Ian Buruma's maternal grandparents, Bernard and Winifred (Bun & Win), wrote to each other regularly throughout their life together. The first letters were written in 1915, when Bun was still at school at Uppingham and Win was taking music lessons in Hampstead. They were married for more than sixty years, but the heart of their remarkable story lies within the span of the two world wars.
After a brief separation, when Bernard served as a stretcher bearer on the Western Front during the Great War, the couple exchanged letters whenever they were apart. Most of them were written during the Second World War and their correspondence is filled with vivid accounts of wartime activity at home and abroad. Bernard was stationed in India as an army doctor, while Win struggled through wartime privation and the Blitz to hold her family together, including their eldest son, the later film director John Schlesinger (Midnight Cowboy, Sunday Bloody Sunday), and twelve Jewish children they had arranged to be rescued from Nazi Germany.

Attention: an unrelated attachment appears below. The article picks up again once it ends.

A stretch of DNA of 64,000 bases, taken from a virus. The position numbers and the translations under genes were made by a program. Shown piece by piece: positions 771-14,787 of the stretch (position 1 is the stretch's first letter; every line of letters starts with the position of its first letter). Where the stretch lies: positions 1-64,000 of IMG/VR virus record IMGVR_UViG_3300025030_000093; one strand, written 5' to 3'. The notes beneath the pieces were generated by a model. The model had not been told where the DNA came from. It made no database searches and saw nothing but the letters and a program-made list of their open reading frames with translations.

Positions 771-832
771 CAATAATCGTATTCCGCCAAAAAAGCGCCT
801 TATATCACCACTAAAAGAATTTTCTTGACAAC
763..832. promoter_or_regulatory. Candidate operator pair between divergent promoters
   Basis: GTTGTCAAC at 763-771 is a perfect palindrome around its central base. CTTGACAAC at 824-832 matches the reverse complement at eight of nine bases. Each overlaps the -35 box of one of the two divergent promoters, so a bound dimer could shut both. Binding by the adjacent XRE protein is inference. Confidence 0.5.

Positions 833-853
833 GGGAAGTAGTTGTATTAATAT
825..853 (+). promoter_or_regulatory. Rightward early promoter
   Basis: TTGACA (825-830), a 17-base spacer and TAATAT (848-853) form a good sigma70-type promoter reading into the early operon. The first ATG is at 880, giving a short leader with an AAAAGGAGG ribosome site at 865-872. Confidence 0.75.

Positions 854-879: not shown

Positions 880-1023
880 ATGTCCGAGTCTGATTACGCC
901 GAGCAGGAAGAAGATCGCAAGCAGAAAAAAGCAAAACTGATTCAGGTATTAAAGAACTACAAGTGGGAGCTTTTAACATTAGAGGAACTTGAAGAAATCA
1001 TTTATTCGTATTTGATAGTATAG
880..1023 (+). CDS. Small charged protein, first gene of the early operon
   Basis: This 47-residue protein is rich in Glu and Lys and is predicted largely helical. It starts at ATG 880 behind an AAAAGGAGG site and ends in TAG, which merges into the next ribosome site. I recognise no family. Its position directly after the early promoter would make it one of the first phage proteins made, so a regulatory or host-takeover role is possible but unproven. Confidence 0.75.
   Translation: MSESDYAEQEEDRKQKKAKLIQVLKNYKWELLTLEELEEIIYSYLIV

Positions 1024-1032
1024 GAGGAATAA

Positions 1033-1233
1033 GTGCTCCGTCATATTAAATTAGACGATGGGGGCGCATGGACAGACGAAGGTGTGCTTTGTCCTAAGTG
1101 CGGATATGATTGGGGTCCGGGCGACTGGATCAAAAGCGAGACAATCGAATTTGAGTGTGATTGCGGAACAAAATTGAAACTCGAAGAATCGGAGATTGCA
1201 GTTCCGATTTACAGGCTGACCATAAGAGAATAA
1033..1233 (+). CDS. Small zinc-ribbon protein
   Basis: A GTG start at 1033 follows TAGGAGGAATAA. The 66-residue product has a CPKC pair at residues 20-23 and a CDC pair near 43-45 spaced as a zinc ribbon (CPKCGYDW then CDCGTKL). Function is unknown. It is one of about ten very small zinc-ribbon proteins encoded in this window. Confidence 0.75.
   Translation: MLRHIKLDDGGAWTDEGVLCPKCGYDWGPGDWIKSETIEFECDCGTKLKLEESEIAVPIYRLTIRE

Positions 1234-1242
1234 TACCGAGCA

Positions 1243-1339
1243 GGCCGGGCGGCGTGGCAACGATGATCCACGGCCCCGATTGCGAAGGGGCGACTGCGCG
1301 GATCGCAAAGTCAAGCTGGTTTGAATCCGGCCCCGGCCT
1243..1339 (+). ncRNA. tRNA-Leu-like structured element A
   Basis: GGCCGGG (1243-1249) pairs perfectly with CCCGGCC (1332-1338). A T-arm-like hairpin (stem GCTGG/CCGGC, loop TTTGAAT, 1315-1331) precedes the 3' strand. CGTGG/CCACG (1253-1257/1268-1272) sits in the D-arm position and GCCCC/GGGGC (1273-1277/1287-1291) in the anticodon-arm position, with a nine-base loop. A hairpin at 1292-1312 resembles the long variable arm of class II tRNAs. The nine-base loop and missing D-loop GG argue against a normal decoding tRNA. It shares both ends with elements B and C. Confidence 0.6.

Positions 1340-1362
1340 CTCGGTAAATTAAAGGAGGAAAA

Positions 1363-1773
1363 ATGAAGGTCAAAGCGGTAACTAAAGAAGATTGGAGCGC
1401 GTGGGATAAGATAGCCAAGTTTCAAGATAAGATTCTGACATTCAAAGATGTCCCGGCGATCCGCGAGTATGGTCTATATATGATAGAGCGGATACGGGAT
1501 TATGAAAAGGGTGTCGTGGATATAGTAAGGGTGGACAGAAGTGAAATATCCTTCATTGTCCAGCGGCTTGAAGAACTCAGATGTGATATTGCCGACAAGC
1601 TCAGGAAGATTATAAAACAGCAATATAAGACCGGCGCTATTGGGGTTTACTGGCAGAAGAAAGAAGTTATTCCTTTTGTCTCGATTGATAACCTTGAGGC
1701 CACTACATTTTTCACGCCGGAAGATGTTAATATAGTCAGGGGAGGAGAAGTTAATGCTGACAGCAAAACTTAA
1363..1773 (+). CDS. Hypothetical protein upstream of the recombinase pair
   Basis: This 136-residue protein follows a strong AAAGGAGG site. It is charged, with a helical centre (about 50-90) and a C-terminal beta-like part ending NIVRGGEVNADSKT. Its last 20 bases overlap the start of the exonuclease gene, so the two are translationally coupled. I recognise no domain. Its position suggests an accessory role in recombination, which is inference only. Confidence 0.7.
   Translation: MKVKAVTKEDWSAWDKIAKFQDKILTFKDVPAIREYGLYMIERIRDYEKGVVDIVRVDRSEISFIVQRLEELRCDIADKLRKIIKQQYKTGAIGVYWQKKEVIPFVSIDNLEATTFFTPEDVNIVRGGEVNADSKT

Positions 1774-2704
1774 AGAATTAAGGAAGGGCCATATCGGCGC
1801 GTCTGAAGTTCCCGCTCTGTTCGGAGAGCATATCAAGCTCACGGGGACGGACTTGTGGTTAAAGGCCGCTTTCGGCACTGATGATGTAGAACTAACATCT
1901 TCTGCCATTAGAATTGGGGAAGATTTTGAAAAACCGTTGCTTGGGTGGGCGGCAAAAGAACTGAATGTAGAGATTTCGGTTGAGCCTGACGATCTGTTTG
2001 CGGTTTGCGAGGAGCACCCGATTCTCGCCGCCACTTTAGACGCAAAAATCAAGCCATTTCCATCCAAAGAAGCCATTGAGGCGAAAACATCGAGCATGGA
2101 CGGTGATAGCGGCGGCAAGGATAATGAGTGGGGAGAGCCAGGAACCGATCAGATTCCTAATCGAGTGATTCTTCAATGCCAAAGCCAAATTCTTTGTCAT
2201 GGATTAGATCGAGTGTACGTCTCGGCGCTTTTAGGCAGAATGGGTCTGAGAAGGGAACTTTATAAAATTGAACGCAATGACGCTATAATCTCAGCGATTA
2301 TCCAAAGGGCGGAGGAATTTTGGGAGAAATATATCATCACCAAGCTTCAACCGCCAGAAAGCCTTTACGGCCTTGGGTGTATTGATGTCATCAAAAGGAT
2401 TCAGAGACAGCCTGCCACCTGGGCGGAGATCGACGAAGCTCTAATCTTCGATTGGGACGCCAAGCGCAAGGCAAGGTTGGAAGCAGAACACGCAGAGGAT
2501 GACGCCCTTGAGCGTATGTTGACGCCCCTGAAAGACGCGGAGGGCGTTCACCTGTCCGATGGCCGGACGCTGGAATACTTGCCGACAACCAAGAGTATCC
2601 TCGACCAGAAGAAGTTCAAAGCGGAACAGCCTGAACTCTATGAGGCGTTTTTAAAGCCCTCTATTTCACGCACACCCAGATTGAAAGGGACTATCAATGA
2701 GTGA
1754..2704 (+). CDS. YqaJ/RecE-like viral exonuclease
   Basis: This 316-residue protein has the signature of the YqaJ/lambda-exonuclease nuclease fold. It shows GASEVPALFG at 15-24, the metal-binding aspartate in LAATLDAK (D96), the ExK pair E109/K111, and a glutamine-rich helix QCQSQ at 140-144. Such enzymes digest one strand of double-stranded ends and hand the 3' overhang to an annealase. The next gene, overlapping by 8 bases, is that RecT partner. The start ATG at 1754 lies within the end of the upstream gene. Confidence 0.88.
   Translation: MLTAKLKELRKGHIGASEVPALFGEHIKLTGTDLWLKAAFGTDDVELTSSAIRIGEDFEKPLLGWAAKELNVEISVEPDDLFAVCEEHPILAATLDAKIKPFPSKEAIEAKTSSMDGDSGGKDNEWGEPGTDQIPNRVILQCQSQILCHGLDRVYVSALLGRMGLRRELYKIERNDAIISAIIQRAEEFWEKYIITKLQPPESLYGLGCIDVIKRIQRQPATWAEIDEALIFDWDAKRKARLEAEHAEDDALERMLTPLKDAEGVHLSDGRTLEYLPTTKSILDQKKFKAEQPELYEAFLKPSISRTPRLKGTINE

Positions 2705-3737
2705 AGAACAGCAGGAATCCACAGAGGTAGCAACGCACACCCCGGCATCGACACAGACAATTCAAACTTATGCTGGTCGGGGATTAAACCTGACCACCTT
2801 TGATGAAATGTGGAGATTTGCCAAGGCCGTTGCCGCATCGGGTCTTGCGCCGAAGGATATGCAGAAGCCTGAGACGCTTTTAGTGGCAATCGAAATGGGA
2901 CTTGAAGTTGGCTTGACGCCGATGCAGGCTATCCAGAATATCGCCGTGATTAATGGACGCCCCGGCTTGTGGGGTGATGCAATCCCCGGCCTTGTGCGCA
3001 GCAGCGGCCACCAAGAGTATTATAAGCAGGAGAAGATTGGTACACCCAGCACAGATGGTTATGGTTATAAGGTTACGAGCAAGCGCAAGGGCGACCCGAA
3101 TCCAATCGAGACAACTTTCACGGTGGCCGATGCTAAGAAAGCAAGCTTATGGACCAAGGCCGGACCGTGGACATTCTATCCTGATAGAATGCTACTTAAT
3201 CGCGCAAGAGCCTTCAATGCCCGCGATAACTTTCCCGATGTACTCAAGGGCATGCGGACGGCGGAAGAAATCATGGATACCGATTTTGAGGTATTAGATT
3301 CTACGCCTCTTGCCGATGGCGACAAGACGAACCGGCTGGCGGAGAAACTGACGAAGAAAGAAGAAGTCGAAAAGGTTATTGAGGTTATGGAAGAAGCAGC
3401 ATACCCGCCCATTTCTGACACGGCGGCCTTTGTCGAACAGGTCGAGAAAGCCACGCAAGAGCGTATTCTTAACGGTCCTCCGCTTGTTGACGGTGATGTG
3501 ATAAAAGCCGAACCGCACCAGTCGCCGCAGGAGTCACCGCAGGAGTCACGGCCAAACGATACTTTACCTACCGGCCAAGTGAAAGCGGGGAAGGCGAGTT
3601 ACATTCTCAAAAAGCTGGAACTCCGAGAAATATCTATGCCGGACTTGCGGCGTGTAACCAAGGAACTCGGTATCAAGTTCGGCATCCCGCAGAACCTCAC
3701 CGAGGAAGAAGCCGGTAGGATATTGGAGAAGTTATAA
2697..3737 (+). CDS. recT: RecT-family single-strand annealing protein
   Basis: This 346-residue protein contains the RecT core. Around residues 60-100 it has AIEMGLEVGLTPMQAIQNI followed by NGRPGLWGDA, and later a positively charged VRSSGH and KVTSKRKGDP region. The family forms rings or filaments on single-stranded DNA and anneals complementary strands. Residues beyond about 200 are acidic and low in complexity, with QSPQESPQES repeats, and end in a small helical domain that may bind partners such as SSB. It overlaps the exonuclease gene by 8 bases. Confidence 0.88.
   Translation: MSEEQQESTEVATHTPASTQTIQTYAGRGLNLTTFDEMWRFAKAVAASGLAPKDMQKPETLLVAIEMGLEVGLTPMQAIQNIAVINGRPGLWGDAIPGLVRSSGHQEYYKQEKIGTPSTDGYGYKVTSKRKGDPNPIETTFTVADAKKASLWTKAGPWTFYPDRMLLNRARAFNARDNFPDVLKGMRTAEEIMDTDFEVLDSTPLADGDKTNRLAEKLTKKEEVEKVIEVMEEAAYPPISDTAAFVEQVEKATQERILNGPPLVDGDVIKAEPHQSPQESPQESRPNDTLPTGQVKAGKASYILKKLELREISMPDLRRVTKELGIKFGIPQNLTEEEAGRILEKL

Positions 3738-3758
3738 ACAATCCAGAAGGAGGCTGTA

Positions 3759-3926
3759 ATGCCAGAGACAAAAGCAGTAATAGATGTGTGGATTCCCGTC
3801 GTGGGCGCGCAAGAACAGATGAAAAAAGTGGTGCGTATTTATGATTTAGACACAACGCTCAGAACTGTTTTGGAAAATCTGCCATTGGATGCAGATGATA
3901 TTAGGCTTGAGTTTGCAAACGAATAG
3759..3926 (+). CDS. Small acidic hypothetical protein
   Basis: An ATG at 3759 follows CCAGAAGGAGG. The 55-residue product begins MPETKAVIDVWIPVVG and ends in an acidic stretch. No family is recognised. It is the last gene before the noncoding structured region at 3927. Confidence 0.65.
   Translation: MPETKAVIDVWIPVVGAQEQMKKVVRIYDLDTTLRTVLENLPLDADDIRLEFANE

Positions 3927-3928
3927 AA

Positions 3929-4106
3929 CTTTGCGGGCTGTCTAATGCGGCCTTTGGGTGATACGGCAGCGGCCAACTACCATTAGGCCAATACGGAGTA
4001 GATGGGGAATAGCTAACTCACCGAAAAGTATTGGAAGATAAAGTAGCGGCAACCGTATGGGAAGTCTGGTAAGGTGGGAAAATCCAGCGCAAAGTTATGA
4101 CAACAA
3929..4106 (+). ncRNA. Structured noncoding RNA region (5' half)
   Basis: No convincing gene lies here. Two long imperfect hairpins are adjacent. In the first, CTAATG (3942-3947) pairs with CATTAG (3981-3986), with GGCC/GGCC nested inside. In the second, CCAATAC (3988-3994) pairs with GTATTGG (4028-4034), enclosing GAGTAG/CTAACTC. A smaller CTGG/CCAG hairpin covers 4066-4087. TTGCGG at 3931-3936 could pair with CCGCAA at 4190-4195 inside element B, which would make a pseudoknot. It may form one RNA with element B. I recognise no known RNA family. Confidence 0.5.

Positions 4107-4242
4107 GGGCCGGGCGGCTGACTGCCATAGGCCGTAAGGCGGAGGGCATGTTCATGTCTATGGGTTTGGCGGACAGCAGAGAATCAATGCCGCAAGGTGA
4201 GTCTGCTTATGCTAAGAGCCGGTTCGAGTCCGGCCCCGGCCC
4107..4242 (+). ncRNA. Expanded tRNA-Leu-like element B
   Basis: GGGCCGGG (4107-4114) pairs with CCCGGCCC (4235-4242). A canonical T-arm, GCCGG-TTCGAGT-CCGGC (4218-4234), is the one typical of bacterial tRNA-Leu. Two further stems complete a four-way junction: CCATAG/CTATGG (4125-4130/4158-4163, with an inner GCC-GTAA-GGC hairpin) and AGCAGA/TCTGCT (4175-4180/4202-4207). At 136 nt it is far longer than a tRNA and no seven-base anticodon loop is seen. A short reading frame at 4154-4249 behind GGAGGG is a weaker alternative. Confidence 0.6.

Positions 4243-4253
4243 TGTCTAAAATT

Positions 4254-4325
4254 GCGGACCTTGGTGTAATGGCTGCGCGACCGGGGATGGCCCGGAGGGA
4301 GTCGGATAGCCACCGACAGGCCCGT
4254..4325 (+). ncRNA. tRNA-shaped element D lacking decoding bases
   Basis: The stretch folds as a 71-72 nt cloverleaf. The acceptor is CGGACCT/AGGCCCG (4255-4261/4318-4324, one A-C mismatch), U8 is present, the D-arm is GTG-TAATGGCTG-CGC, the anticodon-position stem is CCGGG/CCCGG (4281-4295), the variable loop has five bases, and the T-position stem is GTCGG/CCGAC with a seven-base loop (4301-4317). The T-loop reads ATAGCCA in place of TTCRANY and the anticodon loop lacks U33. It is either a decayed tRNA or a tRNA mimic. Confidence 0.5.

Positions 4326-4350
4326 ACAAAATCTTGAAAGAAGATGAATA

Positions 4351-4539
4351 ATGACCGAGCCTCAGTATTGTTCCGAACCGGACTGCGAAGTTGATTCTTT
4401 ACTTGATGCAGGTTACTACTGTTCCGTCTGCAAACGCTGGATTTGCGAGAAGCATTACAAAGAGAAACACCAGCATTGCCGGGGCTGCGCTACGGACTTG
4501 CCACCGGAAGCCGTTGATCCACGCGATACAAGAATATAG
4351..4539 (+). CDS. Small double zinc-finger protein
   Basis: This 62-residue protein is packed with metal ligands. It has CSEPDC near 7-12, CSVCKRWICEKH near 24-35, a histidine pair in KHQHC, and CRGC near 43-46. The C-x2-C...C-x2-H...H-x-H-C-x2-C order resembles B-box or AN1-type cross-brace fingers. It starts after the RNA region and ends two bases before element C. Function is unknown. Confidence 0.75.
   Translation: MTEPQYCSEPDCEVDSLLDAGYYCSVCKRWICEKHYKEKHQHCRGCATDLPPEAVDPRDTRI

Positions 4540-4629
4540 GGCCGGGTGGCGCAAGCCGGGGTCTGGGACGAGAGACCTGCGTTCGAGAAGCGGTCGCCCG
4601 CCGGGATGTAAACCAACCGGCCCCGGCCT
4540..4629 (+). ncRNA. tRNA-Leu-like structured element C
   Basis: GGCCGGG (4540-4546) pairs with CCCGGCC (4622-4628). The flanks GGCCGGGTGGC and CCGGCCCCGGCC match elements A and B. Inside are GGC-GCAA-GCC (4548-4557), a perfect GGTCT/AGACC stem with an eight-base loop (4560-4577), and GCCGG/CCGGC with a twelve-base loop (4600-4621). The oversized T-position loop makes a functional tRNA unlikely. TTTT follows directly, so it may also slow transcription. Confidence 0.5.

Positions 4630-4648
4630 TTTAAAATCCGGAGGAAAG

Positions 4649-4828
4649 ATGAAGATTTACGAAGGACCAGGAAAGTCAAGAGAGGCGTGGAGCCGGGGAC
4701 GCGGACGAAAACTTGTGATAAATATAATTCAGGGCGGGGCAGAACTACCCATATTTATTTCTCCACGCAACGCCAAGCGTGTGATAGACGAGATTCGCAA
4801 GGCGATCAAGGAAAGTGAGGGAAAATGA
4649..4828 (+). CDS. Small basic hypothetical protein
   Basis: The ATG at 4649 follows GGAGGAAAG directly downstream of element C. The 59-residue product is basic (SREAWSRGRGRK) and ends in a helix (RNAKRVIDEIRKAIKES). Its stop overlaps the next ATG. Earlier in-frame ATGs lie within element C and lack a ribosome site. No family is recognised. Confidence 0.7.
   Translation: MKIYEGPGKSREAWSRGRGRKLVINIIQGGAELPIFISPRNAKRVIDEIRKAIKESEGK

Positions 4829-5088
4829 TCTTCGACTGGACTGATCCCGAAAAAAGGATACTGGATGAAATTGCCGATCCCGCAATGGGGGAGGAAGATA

Their letters are a priceless record of an assimilated Jewish family living in England throughout the upheavals of the twentieth century and a moving portrait of a loving couple separated by war. By using their own words, Ian Buruma has created a spellbinding homage to the sustaining power of a family's love and devotion through very dark days